Given Robert Pollard's profligacy, it's only natural to greet his 26-track, 70-minute post-Guided By Voices "debut" solo album with skepticism. First off, it's not really his debut anything. Pollard has been releasing solo albums throughout his 20-year stint as GBV's frontman, and given that he was the band's only constant member, it could be argued that every Guided By Voices album was essentially a Pollard solo album. But the singer-songwriter-rocker insists that From A Compound Eye marks a new beginning, and the music bears that out. It doesn't sound substantially different from what Pollard has done before—F.A.C.E. features the usual thick guitar riffs, gruff vocals, impressionistic lyrics, sturdy melodies, and lo-fi production—but the record cycles through Pollard's disparate influences in songs as charged-up and fully realized as anything he's delivered in maybe a decade.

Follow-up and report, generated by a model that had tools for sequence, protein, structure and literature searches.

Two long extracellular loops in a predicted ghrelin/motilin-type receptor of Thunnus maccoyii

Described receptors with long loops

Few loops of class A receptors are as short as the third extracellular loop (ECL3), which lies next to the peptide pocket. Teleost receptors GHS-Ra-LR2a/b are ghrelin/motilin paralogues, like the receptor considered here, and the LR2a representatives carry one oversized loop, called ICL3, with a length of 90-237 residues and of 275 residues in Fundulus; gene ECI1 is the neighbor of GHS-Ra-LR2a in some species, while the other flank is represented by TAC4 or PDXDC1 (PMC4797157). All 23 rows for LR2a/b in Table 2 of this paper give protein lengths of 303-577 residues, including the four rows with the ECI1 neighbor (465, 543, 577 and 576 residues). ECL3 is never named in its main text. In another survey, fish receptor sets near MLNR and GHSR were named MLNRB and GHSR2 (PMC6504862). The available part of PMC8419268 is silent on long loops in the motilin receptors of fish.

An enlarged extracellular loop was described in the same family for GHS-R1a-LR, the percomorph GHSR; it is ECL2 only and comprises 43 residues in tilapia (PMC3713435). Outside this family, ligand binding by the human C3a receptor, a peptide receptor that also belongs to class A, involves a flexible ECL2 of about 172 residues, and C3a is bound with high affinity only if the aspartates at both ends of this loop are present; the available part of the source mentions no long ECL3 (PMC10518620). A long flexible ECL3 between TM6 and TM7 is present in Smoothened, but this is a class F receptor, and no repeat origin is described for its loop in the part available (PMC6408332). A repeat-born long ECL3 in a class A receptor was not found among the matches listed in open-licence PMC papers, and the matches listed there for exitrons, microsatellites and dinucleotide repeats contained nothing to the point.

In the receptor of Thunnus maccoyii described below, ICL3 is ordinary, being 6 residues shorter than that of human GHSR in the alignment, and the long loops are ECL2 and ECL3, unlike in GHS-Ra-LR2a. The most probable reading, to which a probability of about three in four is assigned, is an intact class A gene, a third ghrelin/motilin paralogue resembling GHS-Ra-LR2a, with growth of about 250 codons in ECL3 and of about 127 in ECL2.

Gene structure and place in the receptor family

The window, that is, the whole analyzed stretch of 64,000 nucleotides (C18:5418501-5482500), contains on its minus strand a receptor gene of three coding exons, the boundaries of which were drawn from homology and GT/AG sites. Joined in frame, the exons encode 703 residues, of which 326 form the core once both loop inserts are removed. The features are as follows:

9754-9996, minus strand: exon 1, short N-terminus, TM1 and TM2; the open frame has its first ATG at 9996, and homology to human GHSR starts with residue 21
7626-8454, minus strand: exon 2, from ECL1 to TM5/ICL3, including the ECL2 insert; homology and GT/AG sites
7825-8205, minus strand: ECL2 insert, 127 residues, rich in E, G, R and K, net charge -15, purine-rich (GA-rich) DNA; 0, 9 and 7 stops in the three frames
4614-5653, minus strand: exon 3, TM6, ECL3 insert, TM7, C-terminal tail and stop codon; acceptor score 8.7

Because From A Compound Eye is so lengthy and explosive, each high-caliber song tends to dissolve into the next. The opener, "Gold," is a clear highlight, with its snatches of harmonica and piano filling in the gaps in a freeform ballad structure. On the opposite end of the accessibility scale, "Dancing Girls And Dancing Men" serves up a bouncy hook and simple lyric, like power-pop with the polish removed. The album's standouts either dabble in odd instrumentation (like the banks of synths on "Flowering Orphan" and the jaw-harp and tin drum on "The Right Thing") or go deeper into homage than Pollard has gone before (like the Badfinger-indebted "I Surround You Naked" and the overtly R.E.M.-y "Light Show"). The disc is eclectic and overflowing, in the tradition of deck-clearing double LPs like the Minutemen's Double Nickels On The Dime and The Beatles' White Album. And like those records, From A Compound Eye espouses no clear theme, save for the boundless possibilities of rock 'n' roll.